Screening tests to detect Down's syndrome in unborn babies are ineffective, claims research published today.

Screening tests to detect Down's syndrome in unborn babies are ineffective, claims research published today.

A study covering eight district hospitals in the Wessex region looked at the use of several different screening systems between 1994 and 1999.

It found no evidence that blood tests and ultrasound improved the detection of Down's. Nor did it reduce the need for invasive procedures, such as amniocentesis, which involves piercing the mother's abdomen with a probe to sample the fluid surrounding the foetus.

During the five-year study, 155,501 babies were delivered at the hospitals and 335 cases of Down's were identified.

Seven screening policies were used across the region. They included blood tests, ultrasound, routine anomaly scans, and a combination of different methods.

The researchers, led by Diane Wellesley at Princess Anne Hospital, Southampton, found that 15 per cent of pregnant women were aged over 35 at delivery – more than double the 5 to 7 per cent expected. A total of 58 per cent of babies with Down's syndrome were born to women within that age range.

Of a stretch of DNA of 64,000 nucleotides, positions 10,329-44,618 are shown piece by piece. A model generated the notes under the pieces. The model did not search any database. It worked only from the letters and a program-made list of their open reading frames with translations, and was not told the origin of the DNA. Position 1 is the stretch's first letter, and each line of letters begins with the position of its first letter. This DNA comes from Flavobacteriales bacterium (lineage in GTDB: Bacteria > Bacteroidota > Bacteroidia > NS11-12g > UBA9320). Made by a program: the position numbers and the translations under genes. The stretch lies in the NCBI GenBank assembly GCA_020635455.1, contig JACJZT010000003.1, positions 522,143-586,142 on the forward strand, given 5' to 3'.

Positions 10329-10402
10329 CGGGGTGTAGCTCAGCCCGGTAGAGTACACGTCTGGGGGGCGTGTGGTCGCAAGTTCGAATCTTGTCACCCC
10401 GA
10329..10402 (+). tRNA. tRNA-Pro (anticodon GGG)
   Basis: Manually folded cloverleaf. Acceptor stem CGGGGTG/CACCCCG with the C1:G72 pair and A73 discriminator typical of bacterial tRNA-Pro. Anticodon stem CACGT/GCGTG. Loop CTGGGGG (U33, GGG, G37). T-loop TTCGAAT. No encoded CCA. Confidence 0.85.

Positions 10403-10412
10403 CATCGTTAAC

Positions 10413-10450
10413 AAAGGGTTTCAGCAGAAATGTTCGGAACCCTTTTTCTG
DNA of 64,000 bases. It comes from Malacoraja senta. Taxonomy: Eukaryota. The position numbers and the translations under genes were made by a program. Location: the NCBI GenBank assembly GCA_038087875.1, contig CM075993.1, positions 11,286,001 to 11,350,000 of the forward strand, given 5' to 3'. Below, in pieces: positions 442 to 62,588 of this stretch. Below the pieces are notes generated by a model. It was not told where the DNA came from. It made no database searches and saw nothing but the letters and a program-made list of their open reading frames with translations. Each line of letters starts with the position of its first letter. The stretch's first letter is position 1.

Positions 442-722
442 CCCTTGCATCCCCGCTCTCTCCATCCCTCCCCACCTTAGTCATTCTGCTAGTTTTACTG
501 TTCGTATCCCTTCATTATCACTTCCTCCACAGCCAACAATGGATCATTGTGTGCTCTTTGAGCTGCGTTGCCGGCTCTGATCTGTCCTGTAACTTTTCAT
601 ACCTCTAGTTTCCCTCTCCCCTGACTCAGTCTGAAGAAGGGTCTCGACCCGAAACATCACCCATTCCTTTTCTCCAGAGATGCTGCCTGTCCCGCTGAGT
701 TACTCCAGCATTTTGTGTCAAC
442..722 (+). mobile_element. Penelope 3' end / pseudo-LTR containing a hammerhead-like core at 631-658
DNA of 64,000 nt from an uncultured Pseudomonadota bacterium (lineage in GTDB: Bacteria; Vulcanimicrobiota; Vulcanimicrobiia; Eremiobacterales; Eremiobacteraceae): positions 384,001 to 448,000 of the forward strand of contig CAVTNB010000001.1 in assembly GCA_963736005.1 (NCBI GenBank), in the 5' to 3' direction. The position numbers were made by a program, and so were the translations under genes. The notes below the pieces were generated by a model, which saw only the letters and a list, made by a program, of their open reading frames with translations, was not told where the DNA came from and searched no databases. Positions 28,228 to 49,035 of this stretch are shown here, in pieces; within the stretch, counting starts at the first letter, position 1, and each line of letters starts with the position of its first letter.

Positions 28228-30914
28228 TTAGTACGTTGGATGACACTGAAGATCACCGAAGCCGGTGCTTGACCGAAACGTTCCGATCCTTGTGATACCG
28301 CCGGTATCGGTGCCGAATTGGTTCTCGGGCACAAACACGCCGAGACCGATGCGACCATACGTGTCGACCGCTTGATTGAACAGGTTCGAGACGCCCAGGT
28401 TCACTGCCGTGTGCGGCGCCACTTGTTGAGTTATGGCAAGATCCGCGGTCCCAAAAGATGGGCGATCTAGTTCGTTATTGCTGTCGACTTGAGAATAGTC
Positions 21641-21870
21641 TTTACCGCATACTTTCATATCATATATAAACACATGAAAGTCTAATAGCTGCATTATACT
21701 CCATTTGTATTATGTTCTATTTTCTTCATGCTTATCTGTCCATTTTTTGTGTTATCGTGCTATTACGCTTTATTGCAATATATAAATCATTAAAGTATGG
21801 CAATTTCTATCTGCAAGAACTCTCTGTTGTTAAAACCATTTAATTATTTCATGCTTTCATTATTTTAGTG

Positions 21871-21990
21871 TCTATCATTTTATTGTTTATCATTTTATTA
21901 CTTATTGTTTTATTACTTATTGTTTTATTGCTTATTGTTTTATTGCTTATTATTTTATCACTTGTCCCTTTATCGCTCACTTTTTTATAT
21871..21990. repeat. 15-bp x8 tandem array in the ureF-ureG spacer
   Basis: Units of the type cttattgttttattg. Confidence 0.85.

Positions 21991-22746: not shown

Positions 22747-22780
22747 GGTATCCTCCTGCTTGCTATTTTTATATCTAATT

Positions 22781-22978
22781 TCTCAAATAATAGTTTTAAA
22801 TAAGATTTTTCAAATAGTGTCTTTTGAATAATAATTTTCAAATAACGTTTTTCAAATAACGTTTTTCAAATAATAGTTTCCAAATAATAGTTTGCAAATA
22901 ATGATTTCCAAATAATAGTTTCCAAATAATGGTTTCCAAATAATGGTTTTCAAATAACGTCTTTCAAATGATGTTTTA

Districts that used blood tests detected 57 per cent of cases. Those using maternal age plus blood tests or ultrasound detected 52 per cent, and those using the woman's age of 35 or more alongside anomaly scans detected 54 per cent.

A government initiative that plans to make new screening tests universal by 2004, is meant to increase detection rates. But the researchers, who report their results in the British Medical Journal, today, say: "Our findings suggest that the recently announced government initiative ... will not achieve its stated objectives."

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